When the next morning news spreads of a murder on the very same road Cass is flooded with guilt when she learns that it was the driver of the car that she saw that had been killed. Cass decides to keep it a secret, scared that she will be judged by others for not helping the driver.

With the murder so close to Cass’ isolated home it is not surprising that she feels jumpy but as time goes on Cass is sure that she is being watched and becomes convinced that the killer saw her on that fateful night and is going to come after her.

At the same time Cass starts to find her memory going, her mother had early onset dementia and it appears that the same is happening to Cass. She does her best to hide it but her husband can’t help but get frustrated at her and gradually Cass comes to accept that she is heading the same route as her mother.

The combination of her memory loss and the guilt that she feels over not helping the murdered woman causes Cass to crumble and without the support of her husband and best friend she knows that things would be even worse.

But is everything as it seems?

This book is totally different to the author’s debut which is definitely a good thing, it is an enjoyable and easy to read book, that keeps you guessing and wanting to know what will happen. I felt that the ending was rushed which was a real shame but it gets a solid 4.5*’s from me. I loved how the story took you in and you were never quite sure about what was going on. Now I have to wait for the authors next book!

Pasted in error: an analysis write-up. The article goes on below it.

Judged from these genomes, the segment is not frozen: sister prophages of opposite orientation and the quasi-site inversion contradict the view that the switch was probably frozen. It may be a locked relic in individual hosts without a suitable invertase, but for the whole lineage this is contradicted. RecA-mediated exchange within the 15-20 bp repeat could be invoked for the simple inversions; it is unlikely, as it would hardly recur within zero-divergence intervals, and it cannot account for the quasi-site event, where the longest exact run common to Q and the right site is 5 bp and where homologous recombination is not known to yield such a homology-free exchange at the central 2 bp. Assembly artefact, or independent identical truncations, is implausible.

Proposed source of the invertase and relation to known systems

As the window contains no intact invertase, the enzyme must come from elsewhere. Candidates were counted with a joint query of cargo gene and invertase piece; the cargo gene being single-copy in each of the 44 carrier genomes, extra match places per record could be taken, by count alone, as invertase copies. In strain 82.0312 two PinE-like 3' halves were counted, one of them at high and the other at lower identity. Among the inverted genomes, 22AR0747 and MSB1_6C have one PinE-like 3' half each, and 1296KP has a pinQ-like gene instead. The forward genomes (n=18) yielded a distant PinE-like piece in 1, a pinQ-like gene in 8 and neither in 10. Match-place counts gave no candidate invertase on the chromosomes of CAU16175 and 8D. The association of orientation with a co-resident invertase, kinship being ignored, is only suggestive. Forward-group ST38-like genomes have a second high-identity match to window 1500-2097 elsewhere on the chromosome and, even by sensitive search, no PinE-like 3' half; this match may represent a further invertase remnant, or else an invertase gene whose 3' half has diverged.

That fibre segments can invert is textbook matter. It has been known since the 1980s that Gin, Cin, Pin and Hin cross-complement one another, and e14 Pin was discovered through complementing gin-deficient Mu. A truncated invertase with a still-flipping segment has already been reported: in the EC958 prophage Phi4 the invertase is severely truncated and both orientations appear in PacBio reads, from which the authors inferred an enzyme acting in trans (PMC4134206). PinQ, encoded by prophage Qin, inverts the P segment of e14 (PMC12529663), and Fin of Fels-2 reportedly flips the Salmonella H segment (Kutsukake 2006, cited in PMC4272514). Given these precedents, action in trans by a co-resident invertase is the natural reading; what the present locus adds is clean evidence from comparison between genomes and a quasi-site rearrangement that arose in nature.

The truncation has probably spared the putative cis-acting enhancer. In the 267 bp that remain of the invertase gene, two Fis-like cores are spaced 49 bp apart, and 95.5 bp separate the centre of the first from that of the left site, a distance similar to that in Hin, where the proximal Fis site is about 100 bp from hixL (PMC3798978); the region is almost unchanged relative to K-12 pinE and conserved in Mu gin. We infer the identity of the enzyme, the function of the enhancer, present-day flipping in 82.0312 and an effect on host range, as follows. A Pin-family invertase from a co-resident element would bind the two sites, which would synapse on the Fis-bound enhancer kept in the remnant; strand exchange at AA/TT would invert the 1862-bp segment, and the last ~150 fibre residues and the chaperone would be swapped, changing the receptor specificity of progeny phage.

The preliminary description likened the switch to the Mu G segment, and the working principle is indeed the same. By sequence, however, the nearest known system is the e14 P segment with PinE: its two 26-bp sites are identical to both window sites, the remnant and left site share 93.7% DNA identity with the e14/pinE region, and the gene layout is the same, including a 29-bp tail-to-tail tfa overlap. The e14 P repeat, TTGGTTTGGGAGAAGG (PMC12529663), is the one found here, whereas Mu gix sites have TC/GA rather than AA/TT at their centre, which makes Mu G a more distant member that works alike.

Blurb:

THE NEW CHILLING, PROPULSIVE NOVEL FROM THE AUTHOR OF THE INSTANT NEW YORK TIMES AND USA TODAY BESTSELLING BEHIND CLOSED DOORS.

If you can’t trust yourself, who can you trust?

Cass is having a hard time since the night she saw the car in the woods, on the winding rural road, in the middle of a downpour, with the woman sitting inside―the woman who was killed. She’s been trying to put the crime out of her mind; what could she have done, really? It’s a dangerous road to be on in the middle of a storm. Her husband would be furious if he knew she’d broken her promise not to take that shortcut home. And she probably would only have been hurt herself if she’d stopped.

But since then, she’s been forgetting every little thing: where she left the car, if she took her pills, the alarm code, why she ordered a pram when she doesn’t have a baby.

The only thing she can’t forget is that woman, the woman she might have saved, and the terrible nagging guilt.

Or the silent calls she’s receiving, or the feeling that someone’s watching her…

The Breakdown is out on 9th February 2017 and is available to pre-order now from Amazon UK and Amazon US.